By John Merrow @ Taking Note
Education reporter John Merrow is one of the best. His recent blogpost serves as a primer on the current battle being waged over education in this country. Anyone that is unfamiliar with the fierce debates about the quality of our nation’s public education system, the impending impact of the Common Core, and the schism between policymakers and the general public need only read this piece to receive a quality introduction.
What is most interesting about Merrow’s blog is that he will share opinions that he otherwise would never include in his reporting. His commentary is always informed and insightful. Here he really cuts to the core of how teachers are in the crosshairs of this debate.
The most striking disconnect between parents/general public and policymakers is in the area of teachers. Unless you have been living under a rock, you know that most policy makers do not trust teachers, and that starts at the top. The federal government’s “Race to the Top” requires states to evaluate teachers based on test scores if they want federal “Race” dollars or a waiver from No Child Left Behind. Some states have jumped on that bandwagon with alacrity, most recently Tennessee, which has created a system much like that imposed upon Washington, DC’s public schools by former Chancellor Michelle A. Rhee.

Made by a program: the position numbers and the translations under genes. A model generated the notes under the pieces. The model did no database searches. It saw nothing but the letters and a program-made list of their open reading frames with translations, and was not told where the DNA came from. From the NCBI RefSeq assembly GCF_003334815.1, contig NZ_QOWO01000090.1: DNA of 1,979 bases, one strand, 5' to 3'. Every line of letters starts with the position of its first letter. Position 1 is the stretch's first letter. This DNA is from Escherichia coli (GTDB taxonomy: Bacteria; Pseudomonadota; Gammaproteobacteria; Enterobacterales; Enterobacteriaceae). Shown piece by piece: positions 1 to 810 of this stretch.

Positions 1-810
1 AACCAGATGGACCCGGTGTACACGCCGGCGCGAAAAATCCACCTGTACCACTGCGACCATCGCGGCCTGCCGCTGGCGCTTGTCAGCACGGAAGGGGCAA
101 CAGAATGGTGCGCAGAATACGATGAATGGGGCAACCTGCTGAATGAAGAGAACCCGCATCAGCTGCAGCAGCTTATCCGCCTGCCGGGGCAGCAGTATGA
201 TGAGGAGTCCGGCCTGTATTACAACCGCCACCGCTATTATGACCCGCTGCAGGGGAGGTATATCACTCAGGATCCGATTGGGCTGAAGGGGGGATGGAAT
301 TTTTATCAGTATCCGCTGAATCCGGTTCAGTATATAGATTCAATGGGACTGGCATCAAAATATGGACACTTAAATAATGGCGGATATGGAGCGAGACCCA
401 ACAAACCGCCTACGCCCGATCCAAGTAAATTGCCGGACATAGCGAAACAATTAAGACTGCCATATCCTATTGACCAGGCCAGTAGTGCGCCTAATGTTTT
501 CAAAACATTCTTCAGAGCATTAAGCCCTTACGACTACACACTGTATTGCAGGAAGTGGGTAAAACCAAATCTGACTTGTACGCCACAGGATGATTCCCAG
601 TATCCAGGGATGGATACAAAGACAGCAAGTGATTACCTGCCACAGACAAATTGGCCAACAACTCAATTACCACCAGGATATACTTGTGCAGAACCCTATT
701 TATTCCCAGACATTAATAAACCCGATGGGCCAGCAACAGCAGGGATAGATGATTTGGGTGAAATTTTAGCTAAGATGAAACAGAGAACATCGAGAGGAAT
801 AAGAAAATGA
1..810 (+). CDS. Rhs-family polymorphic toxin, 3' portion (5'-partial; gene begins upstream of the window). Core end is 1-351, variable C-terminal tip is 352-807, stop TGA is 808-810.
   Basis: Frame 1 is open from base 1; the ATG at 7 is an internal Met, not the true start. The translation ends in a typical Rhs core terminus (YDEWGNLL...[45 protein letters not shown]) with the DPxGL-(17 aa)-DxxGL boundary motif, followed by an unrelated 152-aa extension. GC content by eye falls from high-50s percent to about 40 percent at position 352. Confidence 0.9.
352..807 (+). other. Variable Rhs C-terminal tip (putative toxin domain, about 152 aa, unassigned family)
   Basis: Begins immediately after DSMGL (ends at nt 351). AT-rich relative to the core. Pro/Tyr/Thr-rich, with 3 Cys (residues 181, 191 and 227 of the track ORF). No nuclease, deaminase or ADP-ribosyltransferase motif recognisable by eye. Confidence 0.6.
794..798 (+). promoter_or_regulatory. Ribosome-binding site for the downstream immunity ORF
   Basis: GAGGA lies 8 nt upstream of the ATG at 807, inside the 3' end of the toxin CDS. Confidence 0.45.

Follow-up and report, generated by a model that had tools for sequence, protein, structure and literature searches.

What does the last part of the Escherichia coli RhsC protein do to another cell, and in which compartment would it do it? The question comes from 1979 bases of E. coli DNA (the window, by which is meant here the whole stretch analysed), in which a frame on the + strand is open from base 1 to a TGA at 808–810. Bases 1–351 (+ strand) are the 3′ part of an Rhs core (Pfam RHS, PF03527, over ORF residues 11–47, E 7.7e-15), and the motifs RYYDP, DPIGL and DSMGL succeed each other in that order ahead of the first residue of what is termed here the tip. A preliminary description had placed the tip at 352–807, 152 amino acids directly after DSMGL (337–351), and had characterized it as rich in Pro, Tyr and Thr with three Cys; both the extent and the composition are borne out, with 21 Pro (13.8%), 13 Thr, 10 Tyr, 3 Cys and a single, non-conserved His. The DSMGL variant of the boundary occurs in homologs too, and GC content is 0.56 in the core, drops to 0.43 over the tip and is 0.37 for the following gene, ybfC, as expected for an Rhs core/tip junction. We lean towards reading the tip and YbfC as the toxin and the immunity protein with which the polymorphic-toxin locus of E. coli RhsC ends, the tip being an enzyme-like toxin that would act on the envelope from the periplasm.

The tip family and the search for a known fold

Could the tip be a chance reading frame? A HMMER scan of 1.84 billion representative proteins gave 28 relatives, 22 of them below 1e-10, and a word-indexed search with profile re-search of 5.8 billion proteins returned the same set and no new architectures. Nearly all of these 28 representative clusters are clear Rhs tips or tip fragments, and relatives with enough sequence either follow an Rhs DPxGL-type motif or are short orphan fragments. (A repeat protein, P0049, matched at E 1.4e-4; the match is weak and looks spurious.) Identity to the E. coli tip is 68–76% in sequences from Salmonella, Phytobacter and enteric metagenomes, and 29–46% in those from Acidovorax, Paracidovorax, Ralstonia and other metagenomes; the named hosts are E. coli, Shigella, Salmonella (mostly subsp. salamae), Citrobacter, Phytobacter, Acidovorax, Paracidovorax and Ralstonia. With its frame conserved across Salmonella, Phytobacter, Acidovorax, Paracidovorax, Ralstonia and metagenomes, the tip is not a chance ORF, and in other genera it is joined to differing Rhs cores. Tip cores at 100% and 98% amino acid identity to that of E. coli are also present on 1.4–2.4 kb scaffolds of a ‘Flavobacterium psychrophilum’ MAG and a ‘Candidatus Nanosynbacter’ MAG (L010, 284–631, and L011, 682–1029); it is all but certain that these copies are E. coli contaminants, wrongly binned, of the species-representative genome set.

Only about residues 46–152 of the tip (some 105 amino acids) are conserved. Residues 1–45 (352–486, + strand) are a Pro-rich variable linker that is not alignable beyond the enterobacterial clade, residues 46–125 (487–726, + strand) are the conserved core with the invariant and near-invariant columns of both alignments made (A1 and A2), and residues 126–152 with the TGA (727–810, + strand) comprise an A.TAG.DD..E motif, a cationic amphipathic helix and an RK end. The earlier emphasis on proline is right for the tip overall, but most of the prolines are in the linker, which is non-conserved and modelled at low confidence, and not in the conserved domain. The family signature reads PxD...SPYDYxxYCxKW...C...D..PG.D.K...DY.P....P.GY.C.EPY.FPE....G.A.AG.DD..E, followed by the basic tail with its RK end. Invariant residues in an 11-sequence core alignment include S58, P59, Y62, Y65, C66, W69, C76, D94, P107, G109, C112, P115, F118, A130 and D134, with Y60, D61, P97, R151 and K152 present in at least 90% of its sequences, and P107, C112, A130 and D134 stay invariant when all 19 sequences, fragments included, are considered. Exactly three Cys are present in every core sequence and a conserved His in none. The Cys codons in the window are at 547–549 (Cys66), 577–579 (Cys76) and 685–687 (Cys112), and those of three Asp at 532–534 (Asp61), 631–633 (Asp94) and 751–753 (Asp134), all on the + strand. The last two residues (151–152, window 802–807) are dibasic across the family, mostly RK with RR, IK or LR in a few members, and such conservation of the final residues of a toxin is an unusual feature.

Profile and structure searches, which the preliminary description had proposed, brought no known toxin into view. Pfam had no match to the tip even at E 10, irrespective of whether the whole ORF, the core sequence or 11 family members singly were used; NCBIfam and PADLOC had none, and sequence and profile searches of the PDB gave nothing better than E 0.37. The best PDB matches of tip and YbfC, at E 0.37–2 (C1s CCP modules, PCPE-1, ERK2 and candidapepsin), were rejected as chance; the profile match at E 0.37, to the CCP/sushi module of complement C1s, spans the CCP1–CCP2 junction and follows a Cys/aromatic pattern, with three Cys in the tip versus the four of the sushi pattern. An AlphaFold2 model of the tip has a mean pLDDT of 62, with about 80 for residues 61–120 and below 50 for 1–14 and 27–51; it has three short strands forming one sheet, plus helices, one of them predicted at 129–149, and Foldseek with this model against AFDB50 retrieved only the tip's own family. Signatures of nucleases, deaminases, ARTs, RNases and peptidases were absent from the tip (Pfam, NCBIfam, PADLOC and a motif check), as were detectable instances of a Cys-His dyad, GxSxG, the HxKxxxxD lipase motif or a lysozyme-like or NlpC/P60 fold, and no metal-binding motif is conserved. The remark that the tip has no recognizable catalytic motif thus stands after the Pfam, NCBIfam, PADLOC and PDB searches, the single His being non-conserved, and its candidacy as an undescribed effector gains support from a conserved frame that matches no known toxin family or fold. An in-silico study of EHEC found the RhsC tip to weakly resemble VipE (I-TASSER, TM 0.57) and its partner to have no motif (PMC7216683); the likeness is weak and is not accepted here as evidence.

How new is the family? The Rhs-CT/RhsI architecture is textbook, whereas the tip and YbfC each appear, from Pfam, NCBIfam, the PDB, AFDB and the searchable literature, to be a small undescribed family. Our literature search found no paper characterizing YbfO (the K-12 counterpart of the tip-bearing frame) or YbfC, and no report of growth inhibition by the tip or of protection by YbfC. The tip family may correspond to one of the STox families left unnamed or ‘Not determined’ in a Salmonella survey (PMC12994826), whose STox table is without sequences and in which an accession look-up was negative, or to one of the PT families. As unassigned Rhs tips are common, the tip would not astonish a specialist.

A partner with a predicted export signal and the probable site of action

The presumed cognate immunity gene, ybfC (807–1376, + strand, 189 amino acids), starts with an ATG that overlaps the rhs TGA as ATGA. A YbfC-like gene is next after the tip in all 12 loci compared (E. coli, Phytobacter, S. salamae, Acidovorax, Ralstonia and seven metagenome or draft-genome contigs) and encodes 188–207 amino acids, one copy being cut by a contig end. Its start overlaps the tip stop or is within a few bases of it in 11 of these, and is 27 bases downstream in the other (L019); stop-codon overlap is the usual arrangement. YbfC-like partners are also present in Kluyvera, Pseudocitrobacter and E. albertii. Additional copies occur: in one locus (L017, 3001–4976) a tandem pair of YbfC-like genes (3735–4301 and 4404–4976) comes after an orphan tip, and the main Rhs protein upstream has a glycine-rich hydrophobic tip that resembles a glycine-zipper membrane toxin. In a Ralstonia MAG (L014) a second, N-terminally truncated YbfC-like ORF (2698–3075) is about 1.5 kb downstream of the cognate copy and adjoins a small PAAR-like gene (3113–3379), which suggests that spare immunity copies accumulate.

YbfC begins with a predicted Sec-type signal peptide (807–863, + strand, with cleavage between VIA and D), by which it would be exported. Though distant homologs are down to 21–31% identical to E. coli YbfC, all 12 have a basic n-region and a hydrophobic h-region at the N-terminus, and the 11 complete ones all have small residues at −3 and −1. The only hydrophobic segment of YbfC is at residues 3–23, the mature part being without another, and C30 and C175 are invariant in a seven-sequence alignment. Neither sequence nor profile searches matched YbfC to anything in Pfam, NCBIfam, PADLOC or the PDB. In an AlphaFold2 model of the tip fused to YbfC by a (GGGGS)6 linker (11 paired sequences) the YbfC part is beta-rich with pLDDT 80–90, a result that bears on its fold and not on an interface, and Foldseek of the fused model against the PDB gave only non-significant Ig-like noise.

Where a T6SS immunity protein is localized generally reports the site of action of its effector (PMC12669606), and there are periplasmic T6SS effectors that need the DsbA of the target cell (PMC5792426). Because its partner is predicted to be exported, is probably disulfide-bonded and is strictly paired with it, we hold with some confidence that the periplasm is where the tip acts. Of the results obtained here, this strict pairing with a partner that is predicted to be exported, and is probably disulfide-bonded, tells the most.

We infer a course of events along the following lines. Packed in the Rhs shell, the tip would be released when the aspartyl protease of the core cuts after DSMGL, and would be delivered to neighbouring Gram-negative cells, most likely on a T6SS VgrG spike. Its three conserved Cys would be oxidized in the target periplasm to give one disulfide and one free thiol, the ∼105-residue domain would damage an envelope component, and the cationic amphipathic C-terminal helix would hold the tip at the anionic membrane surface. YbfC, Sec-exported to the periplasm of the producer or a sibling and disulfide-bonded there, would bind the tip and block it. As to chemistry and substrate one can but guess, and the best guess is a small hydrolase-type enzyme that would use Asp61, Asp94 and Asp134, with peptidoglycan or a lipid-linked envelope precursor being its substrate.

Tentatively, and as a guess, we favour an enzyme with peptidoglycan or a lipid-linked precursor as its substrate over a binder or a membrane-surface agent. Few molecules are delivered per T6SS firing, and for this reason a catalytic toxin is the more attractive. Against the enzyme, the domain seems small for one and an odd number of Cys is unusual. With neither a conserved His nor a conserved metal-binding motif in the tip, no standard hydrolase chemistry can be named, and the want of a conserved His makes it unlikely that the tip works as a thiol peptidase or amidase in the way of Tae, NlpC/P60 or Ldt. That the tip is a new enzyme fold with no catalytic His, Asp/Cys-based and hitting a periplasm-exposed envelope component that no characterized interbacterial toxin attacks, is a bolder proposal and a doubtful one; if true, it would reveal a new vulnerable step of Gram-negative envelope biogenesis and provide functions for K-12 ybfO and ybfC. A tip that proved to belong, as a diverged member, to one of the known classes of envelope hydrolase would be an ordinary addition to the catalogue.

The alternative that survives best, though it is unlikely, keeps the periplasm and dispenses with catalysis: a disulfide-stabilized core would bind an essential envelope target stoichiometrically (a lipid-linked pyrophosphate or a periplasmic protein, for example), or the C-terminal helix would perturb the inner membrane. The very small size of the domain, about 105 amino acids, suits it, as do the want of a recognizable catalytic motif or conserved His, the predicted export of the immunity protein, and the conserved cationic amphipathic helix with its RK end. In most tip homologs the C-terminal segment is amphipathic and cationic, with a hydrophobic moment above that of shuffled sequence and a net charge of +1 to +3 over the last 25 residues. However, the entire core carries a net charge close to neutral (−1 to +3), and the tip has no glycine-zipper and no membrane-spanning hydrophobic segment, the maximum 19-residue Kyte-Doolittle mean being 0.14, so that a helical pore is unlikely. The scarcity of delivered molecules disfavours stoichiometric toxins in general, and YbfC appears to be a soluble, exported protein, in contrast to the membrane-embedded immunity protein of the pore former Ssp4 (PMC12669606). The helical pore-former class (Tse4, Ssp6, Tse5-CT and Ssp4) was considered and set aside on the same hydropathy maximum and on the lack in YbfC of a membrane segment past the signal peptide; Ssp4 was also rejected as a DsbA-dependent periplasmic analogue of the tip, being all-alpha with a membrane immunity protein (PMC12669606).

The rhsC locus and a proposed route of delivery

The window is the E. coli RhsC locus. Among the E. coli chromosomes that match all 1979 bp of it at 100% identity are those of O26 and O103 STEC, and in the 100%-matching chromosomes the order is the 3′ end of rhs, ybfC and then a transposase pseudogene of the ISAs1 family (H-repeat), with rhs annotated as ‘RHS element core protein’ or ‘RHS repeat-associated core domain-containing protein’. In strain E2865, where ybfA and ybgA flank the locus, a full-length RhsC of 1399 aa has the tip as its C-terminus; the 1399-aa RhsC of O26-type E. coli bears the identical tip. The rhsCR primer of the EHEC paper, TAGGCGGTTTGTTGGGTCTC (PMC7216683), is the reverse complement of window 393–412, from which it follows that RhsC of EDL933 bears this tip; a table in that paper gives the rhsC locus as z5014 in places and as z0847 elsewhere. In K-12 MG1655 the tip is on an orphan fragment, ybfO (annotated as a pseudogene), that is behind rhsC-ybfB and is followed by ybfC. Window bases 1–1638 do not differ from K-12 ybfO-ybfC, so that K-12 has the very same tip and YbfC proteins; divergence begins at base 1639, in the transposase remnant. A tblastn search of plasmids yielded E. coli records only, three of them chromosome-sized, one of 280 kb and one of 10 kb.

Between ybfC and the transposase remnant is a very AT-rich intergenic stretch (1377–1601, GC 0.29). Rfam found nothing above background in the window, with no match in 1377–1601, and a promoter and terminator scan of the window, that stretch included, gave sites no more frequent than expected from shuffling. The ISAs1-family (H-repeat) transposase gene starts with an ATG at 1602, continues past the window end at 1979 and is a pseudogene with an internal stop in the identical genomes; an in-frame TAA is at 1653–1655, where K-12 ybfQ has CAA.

In sharp contrast, the Gallup/PDK poll reports that more than 70% of Americans have trust and confidence in the women and men who teach in public schools. And the percentage is even higher for Americans under the age of 40.
Who are our teachers? One of every 100 Americans is a public school teacher, 3.3 million in all. The average teacher will earn $56,000 this year, which–adjusted for inflation–is only 3% more than the average teacher earned 22 years ago, in 1991!
That last paragraph has the kind of statistics that I wish every single union representative on a contract negotiating committee had committed to memory. Moreover, I wish every American knew them. It might give politicians pause when attempting to shortchange teacher, but perhaps that is wishful thinking.
Merrow believes that a lot of the evidence he presents in his commentary means that the “‘war on teachers’ may have taken a critical turn in the teachers’ favor, in the hearts and minds of parents and other adult Americans.” I hope that too is not simply wishful thinking.